Indonesia’s coal exports increase amid Russia-Ukraine conflict
The number of Indonesia’s thermal coal shipments overseas is rising following Europe’s ban on Russian coal amid the ongoing conflict in Ukraine.
Russia, the world’s third-largest coal supplier, dominates sales to Europe, but the Russian ban has disrupted supplies to the continent.
Indonesia’s second-biggest coal miner PT Adaro Energy Indonesia confirmed Monday that it has shipped approximately 300,000 tons of coal to the Netherlands and Spain, although a company official did not mention when exactly the shipments were made.
“Amid the conflict between Russia and Ukraine, we’ve started receiving demands from Europe,” the company’s chief financial officer Lie Luckman told local media on Monday. “It is possible that (demand) would increase.”
Despite increasing demand from Europe, Luckman said the company is still focused on supplying coal to its main customers in Asia and has not considered revising its coal production target this year despite events in Europe.
This year, Indonesia aims to produce about 663 million tons of coal, with around 166 million tons for the domestic market and about 497 million tons for exports.
In January, Indonesia, the world’s biggest exporter of coal used in electricity generation, temporarily banned coal exports to safeguard its domestic power supply.
Statistics Indonesia, a government institute, reported that coal exports in January plunged 61 percent compared to December last year. The government later eased the ban and allowed miners to sell coal overseas.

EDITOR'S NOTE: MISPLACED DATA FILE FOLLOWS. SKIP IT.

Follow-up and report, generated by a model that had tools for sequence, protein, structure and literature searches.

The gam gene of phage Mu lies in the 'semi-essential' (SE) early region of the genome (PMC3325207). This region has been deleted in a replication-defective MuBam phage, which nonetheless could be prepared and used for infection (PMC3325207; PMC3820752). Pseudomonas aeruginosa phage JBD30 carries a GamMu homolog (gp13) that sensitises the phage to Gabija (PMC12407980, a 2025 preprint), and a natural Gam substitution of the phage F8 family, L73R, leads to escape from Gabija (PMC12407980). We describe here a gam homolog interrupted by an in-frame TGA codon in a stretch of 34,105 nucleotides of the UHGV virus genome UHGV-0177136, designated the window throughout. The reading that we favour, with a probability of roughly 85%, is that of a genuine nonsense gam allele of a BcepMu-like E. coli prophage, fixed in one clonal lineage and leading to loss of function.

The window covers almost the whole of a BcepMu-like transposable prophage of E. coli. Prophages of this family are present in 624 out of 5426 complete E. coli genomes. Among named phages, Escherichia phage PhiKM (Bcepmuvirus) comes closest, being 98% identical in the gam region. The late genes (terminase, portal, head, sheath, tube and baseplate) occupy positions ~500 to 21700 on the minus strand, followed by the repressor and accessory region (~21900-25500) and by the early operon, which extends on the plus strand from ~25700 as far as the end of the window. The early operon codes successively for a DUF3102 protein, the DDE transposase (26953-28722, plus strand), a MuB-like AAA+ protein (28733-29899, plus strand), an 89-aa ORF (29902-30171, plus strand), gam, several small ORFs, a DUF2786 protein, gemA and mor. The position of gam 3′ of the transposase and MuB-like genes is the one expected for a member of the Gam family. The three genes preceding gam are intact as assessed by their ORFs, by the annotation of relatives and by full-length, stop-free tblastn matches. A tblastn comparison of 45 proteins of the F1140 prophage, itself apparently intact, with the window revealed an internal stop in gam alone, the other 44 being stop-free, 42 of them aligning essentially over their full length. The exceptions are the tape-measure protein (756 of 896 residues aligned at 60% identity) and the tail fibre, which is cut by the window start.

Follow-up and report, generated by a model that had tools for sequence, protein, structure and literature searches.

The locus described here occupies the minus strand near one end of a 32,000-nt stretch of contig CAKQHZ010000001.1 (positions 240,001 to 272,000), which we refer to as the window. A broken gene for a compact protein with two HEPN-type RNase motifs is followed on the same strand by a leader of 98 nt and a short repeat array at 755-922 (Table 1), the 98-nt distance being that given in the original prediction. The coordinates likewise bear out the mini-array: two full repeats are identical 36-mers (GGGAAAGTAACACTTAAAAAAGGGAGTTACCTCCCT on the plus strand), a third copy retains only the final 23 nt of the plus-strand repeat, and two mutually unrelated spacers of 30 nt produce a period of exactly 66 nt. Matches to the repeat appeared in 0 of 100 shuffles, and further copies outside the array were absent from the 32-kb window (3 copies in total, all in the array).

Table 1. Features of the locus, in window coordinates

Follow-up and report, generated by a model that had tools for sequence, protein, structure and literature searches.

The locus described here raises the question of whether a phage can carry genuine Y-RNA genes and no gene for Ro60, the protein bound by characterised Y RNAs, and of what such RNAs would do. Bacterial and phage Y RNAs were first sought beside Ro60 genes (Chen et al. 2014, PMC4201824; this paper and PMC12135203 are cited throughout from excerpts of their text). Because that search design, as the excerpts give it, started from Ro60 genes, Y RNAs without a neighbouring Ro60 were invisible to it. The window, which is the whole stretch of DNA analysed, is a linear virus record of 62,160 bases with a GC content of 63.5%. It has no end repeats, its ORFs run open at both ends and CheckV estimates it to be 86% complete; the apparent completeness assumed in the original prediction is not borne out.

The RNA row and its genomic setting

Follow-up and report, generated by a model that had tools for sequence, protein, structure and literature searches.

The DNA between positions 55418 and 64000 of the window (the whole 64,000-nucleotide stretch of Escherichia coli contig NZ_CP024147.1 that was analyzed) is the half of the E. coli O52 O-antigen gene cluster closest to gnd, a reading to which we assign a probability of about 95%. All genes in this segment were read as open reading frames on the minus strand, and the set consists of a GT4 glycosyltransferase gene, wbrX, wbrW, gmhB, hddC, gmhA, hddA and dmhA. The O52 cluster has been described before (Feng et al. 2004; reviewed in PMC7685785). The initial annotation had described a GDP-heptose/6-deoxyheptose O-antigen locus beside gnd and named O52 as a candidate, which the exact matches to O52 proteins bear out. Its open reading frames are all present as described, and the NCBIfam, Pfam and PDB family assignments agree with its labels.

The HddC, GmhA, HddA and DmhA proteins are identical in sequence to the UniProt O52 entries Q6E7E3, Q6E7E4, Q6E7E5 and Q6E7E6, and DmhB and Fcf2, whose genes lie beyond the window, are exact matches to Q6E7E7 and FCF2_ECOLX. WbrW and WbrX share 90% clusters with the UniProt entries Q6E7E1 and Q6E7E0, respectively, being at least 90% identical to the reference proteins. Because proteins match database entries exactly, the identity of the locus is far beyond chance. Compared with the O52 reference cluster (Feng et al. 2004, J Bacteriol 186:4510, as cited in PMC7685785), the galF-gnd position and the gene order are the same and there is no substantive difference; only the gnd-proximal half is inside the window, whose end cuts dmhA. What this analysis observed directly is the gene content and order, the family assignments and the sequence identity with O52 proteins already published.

Given the global surge in thermal coal prices, Indonesia has introduced a higher coal royalty rate for miners to increase state revenues.
Last week, Indonesian President Joko Widodo signed new government regulation on coal tariffs, increasing the country’s royalty rate for miners from a single tariff of 13.5 percent to a range of 14 to 28 percent, depending on the country’s benchmark coal prices.
The mining industry is a significant contributor to Indonesia’s non-tax state revenue.
Official information showed that last year miners in the country contributed 189.2 trillion Indonesian rupiahs (about 13.2 billion U.S. dollars) to state coffers, while Indonesia’s total non-tax state revenue in 2021 was 452 trillion rupiahs (about 31.5 billion dollars).
Mamit Setiawan, executive director of Energy Watch Indonesia, a Jakarta-based think-tank, said Monday that the latest government regulation on coal tariffs would boost state revenues given the current high price of coal.